The U.S. Access Board has issued guidelines that address access to temporary housing provided by the government in emergencies and natural disasters. The new requirements supplement the Board’s accessibility guidelines for facilities covered by the Americans with Disabilities Act (ADA) and the Architectural Barriers Act (ABA) by adding provisions and exceptions specific to emergency transportable housing units. While the ADA and ABA Accessibility Guidelines address residential dwelling units, it was determined in the aftermath of Hurricanes Katrina and Rita that further detail was needed on addressing access to emergency transportable housing units. Such units are used to provide temporary housing for those whose homes have been destroyed or damaged by a disaster until permanent housing is found. Sized for transport over roadways, they have a smaller footprint than other types of housing and pose unique accessibility challenges and considerations.
The supplemental rule covers access for people who use mobility aids as well as communication access for people with hearing loss. When grouped on sites, at least 5% of units must be accessible for people with mobility disabilities and a minimum of 10% of unit pads must be designed to accommodate accessible units. When units are located on the property of homeowners, commercial sites leased by the government, or military installations, access must be provided according to a needs assessment. The required number of units with accessible communication features is also based on a needs assessment regardless of the type of site.
The guidelines require certain elements and clearances to address usability within the confined living space typical of units. These include requirements for kitchen water spray units, shower seats, floor surfaces, and bedroom clearances. Certain exceptions in the guidelines for residential facilities are not permitted for emergency transportable units. Examples include exceptions that allow later installation of grab bars and shower seats in dwelling units where walls are properly reinforced, or that permit removable base cabinetry below sinks and lavatories. The rule also includes new exceptions for operable parts, ramps and kitchen work surfaces. Weather alert systems also must be accessible and include visual output in those units required to have accessible communication features. In addition, smoke alarms must have integrated visual notification devices with a secondary power source in communication accessible units.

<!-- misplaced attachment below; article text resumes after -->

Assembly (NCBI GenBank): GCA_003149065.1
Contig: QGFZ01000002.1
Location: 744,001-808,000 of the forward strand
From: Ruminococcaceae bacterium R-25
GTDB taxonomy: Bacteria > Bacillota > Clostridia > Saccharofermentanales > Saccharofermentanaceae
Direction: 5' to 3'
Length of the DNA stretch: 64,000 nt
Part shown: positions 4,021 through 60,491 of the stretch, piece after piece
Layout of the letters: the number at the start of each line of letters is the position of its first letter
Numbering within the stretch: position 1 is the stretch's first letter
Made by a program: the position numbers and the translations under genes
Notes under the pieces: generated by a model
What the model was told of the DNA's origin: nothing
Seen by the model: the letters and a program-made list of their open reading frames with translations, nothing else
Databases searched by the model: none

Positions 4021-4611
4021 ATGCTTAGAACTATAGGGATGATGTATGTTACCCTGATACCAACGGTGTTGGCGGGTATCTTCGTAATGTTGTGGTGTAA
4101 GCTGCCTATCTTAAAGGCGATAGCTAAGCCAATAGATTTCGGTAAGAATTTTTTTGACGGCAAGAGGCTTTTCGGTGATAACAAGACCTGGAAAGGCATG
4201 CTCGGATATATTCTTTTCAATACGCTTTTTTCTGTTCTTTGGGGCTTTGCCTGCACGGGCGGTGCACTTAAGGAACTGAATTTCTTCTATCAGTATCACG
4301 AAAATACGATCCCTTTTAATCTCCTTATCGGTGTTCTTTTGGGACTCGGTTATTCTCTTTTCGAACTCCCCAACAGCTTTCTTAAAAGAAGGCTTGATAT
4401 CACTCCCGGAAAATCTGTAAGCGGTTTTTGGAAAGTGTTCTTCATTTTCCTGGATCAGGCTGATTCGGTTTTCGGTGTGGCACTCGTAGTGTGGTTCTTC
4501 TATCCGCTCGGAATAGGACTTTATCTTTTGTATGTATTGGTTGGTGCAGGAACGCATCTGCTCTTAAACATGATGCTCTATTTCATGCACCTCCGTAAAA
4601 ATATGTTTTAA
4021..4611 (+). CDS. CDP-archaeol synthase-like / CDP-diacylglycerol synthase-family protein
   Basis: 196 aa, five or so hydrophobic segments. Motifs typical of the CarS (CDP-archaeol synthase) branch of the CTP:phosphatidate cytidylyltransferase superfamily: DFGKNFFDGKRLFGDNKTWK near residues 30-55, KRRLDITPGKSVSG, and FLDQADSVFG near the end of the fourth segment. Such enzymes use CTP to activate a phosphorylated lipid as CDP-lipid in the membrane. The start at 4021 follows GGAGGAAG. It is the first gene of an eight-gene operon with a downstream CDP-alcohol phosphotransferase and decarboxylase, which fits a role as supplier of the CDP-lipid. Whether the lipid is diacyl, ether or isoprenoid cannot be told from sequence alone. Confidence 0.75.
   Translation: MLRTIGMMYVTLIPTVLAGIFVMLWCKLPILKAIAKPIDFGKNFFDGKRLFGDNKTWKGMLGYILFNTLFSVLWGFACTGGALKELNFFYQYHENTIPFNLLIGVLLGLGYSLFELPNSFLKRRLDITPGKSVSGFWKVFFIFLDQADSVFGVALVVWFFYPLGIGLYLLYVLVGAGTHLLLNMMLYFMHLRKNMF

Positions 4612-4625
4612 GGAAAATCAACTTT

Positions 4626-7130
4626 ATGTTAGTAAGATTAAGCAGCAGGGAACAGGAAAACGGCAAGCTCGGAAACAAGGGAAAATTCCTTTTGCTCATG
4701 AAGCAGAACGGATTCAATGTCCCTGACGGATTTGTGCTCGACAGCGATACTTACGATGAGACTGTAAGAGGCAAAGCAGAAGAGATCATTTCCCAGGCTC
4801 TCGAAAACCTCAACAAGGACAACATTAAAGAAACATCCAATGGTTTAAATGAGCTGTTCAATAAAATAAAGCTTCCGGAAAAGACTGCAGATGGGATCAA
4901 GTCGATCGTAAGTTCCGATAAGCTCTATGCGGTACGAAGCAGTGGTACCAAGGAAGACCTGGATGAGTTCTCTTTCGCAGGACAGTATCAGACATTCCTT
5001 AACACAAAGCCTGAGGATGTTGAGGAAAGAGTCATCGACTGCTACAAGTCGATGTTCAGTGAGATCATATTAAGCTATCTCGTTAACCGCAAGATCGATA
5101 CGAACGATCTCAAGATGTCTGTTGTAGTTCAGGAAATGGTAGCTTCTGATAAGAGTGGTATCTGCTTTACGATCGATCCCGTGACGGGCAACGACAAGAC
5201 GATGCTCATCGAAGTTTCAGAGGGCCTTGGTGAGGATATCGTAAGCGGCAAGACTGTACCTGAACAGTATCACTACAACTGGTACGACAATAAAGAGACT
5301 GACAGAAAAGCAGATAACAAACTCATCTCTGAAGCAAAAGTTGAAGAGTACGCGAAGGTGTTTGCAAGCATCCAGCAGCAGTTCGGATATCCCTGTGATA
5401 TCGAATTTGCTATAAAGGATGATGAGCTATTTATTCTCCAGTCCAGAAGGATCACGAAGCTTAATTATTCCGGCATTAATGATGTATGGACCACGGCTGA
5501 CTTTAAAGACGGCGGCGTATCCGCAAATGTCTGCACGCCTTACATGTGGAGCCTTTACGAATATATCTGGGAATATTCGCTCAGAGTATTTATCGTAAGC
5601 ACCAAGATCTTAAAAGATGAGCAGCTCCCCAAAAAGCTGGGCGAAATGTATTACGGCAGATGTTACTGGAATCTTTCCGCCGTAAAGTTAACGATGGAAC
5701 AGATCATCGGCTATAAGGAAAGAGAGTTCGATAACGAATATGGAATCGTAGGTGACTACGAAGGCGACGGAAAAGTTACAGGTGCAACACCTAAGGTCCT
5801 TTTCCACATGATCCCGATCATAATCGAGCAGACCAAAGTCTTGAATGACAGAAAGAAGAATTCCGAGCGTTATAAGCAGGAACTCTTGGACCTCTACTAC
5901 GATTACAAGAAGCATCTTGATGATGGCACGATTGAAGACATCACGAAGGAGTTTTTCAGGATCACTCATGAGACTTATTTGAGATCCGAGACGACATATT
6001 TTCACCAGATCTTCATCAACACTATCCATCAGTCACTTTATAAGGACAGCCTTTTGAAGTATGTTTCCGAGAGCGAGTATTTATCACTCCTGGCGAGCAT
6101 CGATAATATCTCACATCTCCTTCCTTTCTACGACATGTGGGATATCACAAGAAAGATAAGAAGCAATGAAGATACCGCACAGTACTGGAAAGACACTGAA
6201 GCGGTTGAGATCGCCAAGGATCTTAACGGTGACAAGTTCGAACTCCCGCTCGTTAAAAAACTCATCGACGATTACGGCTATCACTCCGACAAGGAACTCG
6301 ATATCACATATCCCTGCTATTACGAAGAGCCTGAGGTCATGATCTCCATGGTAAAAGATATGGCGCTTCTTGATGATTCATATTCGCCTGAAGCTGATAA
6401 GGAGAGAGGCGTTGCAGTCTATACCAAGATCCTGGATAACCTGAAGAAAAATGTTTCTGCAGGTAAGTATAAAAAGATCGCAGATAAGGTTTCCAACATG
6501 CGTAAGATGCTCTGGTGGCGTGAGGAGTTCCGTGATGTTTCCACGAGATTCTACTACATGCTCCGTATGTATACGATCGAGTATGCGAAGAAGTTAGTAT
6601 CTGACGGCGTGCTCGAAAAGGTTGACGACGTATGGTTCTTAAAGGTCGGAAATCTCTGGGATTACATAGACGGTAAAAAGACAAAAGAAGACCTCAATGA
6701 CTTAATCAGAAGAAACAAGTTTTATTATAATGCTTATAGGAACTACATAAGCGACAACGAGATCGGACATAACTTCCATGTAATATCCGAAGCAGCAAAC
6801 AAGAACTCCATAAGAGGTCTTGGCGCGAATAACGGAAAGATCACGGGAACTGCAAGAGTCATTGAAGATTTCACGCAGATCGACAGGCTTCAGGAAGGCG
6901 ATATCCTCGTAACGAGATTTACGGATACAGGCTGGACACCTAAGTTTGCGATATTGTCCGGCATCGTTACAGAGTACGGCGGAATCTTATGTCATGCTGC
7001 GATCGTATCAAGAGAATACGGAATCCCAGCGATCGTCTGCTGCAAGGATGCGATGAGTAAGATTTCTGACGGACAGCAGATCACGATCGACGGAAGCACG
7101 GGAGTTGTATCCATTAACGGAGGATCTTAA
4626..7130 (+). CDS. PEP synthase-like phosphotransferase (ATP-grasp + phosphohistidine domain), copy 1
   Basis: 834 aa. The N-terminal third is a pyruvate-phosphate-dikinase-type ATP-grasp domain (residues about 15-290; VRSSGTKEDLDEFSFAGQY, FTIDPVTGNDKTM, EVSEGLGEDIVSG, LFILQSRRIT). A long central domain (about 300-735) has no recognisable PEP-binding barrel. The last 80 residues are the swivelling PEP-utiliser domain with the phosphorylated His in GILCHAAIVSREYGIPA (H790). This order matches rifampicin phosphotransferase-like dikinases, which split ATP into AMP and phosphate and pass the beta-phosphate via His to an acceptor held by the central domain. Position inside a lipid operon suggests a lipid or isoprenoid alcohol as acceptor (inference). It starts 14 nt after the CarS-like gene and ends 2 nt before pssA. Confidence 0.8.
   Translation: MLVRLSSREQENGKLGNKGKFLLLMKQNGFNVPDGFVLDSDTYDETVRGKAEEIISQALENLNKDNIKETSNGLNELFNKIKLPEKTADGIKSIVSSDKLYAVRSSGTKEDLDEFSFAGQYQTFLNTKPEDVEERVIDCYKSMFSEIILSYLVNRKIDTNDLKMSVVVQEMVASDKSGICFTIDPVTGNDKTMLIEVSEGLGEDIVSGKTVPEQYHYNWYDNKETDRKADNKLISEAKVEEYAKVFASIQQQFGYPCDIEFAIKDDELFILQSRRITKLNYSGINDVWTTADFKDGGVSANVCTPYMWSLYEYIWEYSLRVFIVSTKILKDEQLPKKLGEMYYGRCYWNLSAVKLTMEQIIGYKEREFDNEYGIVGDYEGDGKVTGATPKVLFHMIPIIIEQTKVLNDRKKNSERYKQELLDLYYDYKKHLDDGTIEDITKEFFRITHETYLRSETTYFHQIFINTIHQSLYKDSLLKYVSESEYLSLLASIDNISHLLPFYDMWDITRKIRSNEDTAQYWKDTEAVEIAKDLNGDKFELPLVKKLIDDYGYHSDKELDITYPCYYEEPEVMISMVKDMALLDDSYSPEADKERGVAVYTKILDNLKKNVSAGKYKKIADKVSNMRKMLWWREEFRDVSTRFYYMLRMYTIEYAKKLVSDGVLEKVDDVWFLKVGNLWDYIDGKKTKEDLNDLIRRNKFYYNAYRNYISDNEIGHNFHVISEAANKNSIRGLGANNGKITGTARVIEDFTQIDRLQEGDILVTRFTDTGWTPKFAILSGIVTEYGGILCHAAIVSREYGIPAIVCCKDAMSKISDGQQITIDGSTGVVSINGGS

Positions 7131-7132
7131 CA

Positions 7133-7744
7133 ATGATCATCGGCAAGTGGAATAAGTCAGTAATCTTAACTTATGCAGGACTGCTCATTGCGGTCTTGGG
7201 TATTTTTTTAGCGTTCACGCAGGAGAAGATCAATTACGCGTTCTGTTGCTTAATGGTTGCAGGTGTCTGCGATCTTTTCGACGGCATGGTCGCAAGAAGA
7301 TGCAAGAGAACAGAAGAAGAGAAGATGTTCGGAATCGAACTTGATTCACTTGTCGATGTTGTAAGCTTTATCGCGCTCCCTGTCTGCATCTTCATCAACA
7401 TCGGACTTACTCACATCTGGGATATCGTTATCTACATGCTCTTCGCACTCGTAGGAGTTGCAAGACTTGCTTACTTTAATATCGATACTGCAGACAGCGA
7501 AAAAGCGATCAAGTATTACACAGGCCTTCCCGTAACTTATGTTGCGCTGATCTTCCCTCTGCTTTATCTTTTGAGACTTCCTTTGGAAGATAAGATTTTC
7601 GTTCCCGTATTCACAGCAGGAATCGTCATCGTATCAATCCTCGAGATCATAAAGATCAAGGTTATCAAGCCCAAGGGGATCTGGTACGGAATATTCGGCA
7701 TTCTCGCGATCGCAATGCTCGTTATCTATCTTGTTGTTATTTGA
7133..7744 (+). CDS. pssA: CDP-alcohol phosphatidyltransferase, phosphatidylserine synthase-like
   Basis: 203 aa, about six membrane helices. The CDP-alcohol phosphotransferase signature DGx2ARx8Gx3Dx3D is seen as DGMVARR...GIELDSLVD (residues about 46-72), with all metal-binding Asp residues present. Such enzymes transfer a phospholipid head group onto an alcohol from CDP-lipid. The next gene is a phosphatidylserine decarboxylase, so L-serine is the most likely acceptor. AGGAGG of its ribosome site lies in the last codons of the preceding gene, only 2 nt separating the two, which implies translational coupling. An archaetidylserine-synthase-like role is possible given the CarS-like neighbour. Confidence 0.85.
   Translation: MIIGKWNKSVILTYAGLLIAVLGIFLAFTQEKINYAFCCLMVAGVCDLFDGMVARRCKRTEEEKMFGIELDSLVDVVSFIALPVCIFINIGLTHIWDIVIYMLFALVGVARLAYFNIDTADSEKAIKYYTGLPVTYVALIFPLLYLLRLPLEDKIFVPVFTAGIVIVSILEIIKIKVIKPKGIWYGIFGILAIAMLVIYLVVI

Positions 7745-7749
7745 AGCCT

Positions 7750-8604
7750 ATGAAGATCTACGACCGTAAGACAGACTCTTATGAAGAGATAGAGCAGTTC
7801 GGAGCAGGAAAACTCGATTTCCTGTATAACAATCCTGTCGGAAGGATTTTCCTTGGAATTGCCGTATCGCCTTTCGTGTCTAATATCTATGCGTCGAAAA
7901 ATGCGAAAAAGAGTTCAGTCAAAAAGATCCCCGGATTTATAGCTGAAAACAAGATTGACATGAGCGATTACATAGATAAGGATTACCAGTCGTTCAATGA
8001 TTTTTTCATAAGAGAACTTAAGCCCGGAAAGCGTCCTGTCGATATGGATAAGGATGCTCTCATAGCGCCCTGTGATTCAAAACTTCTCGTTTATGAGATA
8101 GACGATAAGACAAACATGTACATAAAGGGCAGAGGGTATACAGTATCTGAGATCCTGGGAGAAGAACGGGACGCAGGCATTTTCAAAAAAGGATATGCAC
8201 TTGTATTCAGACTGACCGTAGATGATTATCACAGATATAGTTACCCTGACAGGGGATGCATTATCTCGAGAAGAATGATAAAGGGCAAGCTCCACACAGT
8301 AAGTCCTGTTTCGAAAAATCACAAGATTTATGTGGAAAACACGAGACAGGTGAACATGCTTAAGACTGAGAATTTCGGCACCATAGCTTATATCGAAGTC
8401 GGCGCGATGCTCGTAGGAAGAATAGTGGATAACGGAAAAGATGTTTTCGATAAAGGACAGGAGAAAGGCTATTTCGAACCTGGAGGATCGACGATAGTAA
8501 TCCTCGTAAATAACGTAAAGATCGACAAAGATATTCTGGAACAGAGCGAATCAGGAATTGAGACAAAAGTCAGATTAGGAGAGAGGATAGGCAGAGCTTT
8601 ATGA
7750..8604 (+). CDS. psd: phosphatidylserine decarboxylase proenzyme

The supplementary guidelines are based on recommendations from a Board advisory panel, the Emergency Transportable Housing Advisory Committee, which included representation from disability groups, industry and code groups, and government agencies. The Board released aproposed version of the guidelines for public comment in 2012.
The Board’s ADA and ABA Accessibility Guidelines serve as the basis for enforceable standards issued by other agencies. The Department of Housing and Urban Development (HUD) maintains standards for residential facilities covered by the ABA, which applies to federally funded facilities. The provisions for emergency transportable units will become mandatory under the ABA when adopted by HUD in the pending update of its ABA Standards. The Department of Justice (DOJ) maintains standards under the ADA which apply to state and local government facilities, places of public accommodation, and commercial facilities.
The Board will hold a public briefing on the rule as part of a town hall meeting in New York City at Jacob K. Javits Federal Building on May 15. This will be followed by a panel discussion on rebuilding efforts after Super Storm Sandy.
For further information on the rule, visit the Board’s website or contact Marsha Mazz, Director of the Board’s Office of Technical and Information Services, at (202) 272-0020 (v), (202) 272-0076 (TTY), or email@example.com.